Site staff contacted each subject who received the product 1 week and 4 weeks later and asked about her use of the product (including the date and time when she had sex and when she took each pill dose), side effects, allergies, unusual bleeding, and evidence of pregnancy (menses, pregnancy tests, or other indications of pregnancy). Subjects were asked to refer to the data card during the contact, if available. Staff made additional contacts if a subject's pregnancy status was unclear or if she had unresolved adverse events at the last contact, or if she had used the product within 1 week before the last contact. At the first contact after use of the product, subjects were instructed to send their completed data cards to the site. After all contacts had been made, the sites provided compensation ($40 at the clinics; $45 at the pharmacies). In some cases, this compensation was less than the amount the subject had initially paid for the product. Women were allowed to enroll in the study an unlimited number of times.
Each study package contained two tablets of levonorgestrel (0.75 mg). The study package label had the same content as the approved prescription label for this product (Plan B), but the label was reformatted to be more understandable to users and to be compliant with Food and Drug Administration guidelines for over-the-counter drugs. Most importantly, the required “Drug Facts” panel was added to the back of the package. The packages were similar to the packages illustrated in our previous publication.2 No physician package insert was included.
The analysis was conducted according to a plan written before initiation of the analysis. The two primary outcomes were contraindicated use and incorrect use of the product. The operational definitions of these outcomes were based on the package label. Contraindicated use was defined as having occurred if the subject was pregnant (with fertilization having occurred at least 14 days before product use because this is the earliest time that a pregnancy would likely be detectable in a prescription setting), had unexplained vaginal bleeding before use, or was allergic to any ingredient in the tablets. Pregnancies were identified by an obstetrician who reviewed data from all subjects who had any indication of possible pregnancy. Dates of fertilization used in the analysis were the earliest of the dates estimated independently by three obstetricians after reviewing each pregnant participant's data. Pregnancy status was unclassifiable in some subjects (such as those without documentation of menses after product use but no other positive signs of pregnancy). Unexplained bleeding was identified by a gynecologist after review of subjects' reports of “unusual” bleeding and adverse events occurring before pill use. Incorrect use was analyzed according to multiple definitions. In the primary definition, which was mandated by the Food and Drug Administration, use was considered incorrect if the first tablet was taken more than 72 hours after intercourse or if the second tablet was not taken exactly 12 hours and 0 minutes after the first. Multiple secondary analyses allowed more realistic interpretations of this schedule; in the one presented here, which is the most conservative, use was defined as incorrect if the first tablet was taken more than 72 hours after intercourse or if the second tablet was taken more than 16 hours after the first. Some subjects' use patterns were not classifiable because of missing or inconsistent data. The proportions of subjects with contraindicated and incorrect use were estimated by dividing the number of subjects whose first use was contraindicated or incorrect by the total number of subjects with classifiable first-use patterns.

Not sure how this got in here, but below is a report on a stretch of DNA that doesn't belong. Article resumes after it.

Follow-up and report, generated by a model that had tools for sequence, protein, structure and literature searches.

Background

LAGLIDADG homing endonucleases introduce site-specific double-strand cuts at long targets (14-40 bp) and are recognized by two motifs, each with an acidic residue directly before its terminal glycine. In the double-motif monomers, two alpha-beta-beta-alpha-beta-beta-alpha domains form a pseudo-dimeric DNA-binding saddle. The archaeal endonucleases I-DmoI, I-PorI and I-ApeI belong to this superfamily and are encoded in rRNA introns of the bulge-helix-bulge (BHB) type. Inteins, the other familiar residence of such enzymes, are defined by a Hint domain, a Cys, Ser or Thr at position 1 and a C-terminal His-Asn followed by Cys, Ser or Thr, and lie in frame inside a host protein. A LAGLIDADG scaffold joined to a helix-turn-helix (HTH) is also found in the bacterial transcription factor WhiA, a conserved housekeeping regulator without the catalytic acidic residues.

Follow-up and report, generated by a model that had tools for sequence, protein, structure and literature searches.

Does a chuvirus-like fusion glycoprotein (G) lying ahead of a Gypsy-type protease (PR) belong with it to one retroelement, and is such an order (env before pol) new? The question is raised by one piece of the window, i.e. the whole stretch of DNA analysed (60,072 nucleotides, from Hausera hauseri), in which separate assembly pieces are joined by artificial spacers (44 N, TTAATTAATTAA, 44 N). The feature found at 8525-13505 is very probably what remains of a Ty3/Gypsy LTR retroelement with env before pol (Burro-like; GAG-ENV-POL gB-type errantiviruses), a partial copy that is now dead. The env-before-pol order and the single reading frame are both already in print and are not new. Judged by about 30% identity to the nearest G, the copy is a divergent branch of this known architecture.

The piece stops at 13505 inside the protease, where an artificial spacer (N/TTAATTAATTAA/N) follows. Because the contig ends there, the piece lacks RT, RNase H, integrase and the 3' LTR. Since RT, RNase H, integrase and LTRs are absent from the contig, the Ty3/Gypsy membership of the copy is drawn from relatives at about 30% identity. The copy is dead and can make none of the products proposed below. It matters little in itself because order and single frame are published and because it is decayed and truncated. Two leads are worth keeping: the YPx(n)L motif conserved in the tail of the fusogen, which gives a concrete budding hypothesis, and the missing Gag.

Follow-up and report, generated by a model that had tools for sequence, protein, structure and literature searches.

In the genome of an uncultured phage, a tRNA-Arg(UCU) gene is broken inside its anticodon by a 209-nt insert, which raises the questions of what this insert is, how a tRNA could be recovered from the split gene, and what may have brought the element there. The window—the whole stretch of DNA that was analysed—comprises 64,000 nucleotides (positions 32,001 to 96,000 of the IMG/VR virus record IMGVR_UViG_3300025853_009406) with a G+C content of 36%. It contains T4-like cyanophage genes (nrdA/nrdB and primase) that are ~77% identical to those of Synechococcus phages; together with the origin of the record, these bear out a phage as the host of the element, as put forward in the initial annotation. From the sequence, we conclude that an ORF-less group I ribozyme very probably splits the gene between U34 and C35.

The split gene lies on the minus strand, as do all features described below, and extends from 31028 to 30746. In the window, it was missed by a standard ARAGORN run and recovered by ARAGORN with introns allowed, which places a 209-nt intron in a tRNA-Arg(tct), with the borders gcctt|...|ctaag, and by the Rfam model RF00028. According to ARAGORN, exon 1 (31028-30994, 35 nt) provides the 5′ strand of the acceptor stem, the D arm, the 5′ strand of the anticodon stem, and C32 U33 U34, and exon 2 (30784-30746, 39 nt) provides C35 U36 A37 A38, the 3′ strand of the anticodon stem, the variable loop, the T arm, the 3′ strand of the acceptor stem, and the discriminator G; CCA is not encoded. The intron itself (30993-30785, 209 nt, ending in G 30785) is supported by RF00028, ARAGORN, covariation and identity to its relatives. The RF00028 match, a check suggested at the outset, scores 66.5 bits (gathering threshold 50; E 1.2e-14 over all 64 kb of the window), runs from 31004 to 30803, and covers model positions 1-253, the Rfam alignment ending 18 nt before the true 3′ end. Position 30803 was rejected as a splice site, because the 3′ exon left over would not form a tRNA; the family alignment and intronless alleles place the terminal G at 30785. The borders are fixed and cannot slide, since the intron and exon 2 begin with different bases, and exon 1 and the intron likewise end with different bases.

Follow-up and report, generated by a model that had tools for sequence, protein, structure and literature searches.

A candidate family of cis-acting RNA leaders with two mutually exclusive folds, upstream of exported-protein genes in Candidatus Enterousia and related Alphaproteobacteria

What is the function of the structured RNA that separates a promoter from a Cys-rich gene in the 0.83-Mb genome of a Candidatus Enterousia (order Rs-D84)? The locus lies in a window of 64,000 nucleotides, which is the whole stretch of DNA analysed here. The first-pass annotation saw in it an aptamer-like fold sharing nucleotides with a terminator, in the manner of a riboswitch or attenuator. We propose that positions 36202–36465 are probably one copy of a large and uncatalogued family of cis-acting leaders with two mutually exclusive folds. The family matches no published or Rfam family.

Secondary outcomes included repeat use, pregnancy, and adverse events. Pregnancy rates were calculated as the number of pregnancies per user among all subjects whose pregnancy status could be determined.
The incidences of the primary and secondary outcomes were calculated in subgroups defined by the following variables: eligibility status, age (16 years and younger, 17 years and older), race (nonwhite, white), ethnicity (Hispanic, not Hispanic), educational level (less than high school, high school or more), and prior emergency contraception use (ever, never). Statistical comparisons of subgroups were not made. In all analyses, data from the cards sent in by subjects were used only if the corresponding information had not been obtained by directly interviewing the subject. All confidence intervals (CIs) were computed using exact methods.
The sample size for this study was calculated to estimate the frequency of each of the two primary study outcomes, contraindicated and incorrect use of the product, with 97.5% CIs of ±5 percentage points around the point estimate, assuming that both proportions were truly 15%. These calculations indicated that 256 subjects who used the study product would be needed. To ensure diversity of the study population, allow for subgroup analyses, and account for potential underestimation of follow-up rates at each site, more subjects than needed were actually enrolled.